A guided tour of Pyongyang, the capital of North Korea. Old-fashioned hospitality in the communist D
Wednesday 22 June 2016
What you’re looking at here is half a story – it’s an idea I came up with a while ago, and something that’s likely to end up on the blog, in full, one of these days soon.
When the Knights Templar returned from the Crusades to establish economic and trade bases across Europe in the 12th century, one of their main sites was located on the bank of the River Fleet in London. There they built a round church, based on the design of the Temple in Jerusalem; it’s called Temple Church, and it still stands on the spot today.
Contemporary Fleet Street is named after the River Fleet – a tributary of the Thames which was long regarded as a holy waterway according to practitioners of Britain’s native druidism. Some have theorised an occult connection, a more mystical reason why the Templars chose to base themselves at this sacred place. The River Fleet itself has long since disappeared, though. Like many of the other Thames tributaries, the growth of London forced the river underground. It now flows through brick and cement tunnels, deep beneath the streets of London.
I plan to write an article that looks at the significance of the Fleet, its connection to the Knights Templar, and how history has served to bury both these stories beneath tons of fresh tarmac, brick and steel. One part of the article will feature a visit to Temple Church, while the other half will involve an expedition down to the subterranean tunnels which now carry what’s left of the River Fleet.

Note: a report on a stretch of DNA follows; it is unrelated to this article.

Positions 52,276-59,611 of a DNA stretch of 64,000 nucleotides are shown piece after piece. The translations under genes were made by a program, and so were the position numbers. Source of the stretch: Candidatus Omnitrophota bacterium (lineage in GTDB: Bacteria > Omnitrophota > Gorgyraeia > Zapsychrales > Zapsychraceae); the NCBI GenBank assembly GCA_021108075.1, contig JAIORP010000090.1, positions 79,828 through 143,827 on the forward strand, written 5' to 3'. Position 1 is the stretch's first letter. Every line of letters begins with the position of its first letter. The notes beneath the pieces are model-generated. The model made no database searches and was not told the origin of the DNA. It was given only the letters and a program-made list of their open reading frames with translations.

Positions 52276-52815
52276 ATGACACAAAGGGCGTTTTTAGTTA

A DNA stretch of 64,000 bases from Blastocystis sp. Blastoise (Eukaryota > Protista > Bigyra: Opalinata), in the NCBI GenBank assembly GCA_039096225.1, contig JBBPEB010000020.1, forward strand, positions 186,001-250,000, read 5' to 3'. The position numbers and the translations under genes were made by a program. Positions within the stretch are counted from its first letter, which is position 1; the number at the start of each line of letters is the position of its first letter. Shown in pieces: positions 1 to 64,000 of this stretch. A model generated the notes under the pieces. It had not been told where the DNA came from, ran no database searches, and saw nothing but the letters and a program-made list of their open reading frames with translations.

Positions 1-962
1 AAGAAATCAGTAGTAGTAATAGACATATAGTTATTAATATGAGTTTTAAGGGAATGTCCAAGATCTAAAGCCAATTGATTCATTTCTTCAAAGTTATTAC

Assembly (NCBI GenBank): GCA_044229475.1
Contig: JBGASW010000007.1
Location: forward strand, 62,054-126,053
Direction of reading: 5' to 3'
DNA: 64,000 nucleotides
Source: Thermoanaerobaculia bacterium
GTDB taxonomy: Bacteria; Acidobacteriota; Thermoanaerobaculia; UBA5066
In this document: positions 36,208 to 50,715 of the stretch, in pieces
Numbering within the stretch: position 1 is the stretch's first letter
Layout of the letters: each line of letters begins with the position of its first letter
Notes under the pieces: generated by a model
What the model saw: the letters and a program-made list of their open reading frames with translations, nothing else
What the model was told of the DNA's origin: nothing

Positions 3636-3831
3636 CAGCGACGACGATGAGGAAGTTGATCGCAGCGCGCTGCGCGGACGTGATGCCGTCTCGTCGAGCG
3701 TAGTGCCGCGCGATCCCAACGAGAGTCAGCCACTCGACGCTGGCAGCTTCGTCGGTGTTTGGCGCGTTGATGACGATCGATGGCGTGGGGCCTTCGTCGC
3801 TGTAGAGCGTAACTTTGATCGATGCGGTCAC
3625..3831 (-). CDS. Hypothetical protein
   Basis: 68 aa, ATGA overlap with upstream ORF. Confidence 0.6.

Back in 2014, I visited the Fleet through an access hatch located a little way north of modern Fleet Street. It was just a cursory visit though, and I didn’t take any photographs that time. My plan is to go back and photograph this underground waterway in detail. The result, I imagine, is going to read something like a cross between my article on London’s ‘Lost River Effra,’ and my more recent, rather lengthy post about touring the occult sites of ancient London.
For now at least, here’s half the story: my set of photos from Temple Church.
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